HANOI (REUTERS) - Singapore-listed Fraser and Neave boosted its stake in Vietnam's Vinamilk but the sale of shares in one of the state's most attractive assets failed to draw in other buyers after highly restrictive investment caps were imposed.
The State Capital Investment Corporation (SCIC), which represents the government's 44.7 per cent ownership in Vinamilk, took the market by surprise last month when it announced each investor could only buy up to 2.7 per cent of Vinamilk's shares.
Those sudden restrictions as well as unfavourable market conditions saw only two bids lodged for the 9 per cent of Vinamilk on offer - both from wholly owned units of Fraser and Neave (F&N).
The food and beverage firm, already Vinamilk's second biggest shareholder and backed by Thai tycoon Charoen Sirivadhanabhakdi, bought an additional 5.4 per cent of Vinamilk for US$500 million (S$714.8 million) to take its holding to just over 16 per cent.
But other investors stayed away - also put off by a drop in Vinamilk's share price below the 144,000 dong minimum set by the government. The stock has been hit by a sell off in Vietnamese shares as investors shun emerging markets amid uncertainties after the US presidential election and a potential rate hike by the Federal Reserve.
"The minimum bidding price of 144,000 dong is actually not expensive for a strategic investor in Vinamilk, but the issues are the timing and the restrictions that come with it," said Nguyen Thanh Lam, deputy manager at Maybank Kim Eng Securities in Vietnam.
The SCIC, however, said it was pleased with the sale. F&N paid a US$36 million premium to Monday's closing price. "Given the vulnerable stock markets in Southeast Asia and Vietnam, Vinamilk's share disposal transaction by the SCIC can be seen as a success," it said in a statement.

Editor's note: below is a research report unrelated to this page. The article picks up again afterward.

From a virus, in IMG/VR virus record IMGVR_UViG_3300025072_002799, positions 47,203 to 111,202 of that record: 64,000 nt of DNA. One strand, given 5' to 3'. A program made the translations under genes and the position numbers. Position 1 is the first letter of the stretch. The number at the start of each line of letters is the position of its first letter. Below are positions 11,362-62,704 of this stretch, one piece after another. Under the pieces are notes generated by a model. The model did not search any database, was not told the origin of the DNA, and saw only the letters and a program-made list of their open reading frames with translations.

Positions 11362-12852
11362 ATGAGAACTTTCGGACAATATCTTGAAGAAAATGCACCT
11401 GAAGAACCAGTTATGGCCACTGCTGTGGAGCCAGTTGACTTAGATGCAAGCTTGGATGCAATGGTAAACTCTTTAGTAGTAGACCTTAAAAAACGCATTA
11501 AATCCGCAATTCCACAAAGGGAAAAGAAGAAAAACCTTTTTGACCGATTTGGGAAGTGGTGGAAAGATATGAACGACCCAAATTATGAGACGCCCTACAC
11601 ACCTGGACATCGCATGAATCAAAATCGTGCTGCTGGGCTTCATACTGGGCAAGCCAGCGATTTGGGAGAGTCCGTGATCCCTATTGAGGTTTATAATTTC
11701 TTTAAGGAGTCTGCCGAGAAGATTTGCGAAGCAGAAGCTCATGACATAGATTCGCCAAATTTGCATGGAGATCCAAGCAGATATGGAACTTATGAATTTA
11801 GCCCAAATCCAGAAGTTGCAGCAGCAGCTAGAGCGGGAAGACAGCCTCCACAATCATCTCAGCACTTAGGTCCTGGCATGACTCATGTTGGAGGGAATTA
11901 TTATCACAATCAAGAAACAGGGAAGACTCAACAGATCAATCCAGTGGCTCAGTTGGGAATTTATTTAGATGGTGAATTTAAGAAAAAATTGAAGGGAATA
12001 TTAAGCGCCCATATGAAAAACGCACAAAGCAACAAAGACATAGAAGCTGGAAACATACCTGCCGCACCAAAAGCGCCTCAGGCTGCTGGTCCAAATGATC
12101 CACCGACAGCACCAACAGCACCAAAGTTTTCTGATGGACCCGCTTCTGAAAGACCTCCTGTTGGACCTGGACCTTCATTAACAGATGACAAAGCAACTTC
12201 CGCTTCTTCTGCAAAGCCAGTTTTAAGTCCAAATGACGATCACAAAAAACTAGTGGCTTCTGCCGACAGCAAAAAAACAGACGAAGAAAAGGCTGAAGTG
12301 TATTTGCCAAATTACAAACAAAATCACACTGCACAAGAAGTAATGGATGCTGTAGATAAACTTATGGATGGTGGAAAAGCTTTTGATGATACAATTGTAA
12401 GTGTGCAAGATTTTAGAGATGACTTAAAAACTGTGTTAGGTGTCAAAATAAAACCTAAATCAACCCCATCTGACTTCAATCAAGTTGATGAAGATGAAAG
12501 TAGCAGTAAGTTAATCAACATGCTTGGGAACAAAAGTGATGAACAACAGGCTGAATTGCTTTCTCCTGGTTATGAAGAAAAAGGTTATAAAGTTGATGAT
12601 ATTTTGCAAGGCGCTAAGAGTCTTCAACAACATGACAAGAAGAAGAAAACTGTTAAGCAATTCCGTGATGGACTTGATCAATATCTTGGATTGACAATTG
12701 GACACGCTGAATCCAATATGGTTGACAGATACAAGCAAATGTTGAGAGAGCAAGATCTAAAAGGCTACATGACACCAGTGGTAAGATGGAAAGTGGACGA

Vinamilk, Vietnam's top listed firm by market value, is seen as one of the country's most attractive companies as it commands around half of the domestic market for dairy goods and has seen steady earnings growth. Its shares have jumped 20 times in value since its debut on the Ho Chi Minh bourse 10 years ago.
"We are delighted to have this opportunity to increase our stake in Vinamilk," a spokesman for F&N said in an email. "The group's additional investment reflects our confidence in Vinamilk's management, growth and long-term prospects, as well as commitment to growing our presence in Vietnam," she added.
Other closely watched offerings coming up include the sale of government shares in Vietnam's top brewers Sabeco and Habeco. The government owns nearly 90 per cent of Sabeco and is keen to unload its entire stake by 2017.
That sale process is slated to kick off in April, the Wall Street Journal reported on Monday, citing people familiar with the matter, adding that at least 40 percent of the company - worth nearly US$2 billion at current market prices - would be on offer.
Privately owned budget carrier Vietjet is also due to sell shares later this year.
Fiachra Mac Cana, managing director and head of research at Ho Chi Minh Securities, said the Vinamilk share sale did not necessarily bode ill for other asset sales. "I feel that the sale is actually a good initial step with a few lessons learned as to how to do better next time," he said. "In any event, the government hasn't been doing this for that long so in a way we should expect them to be learning as they go."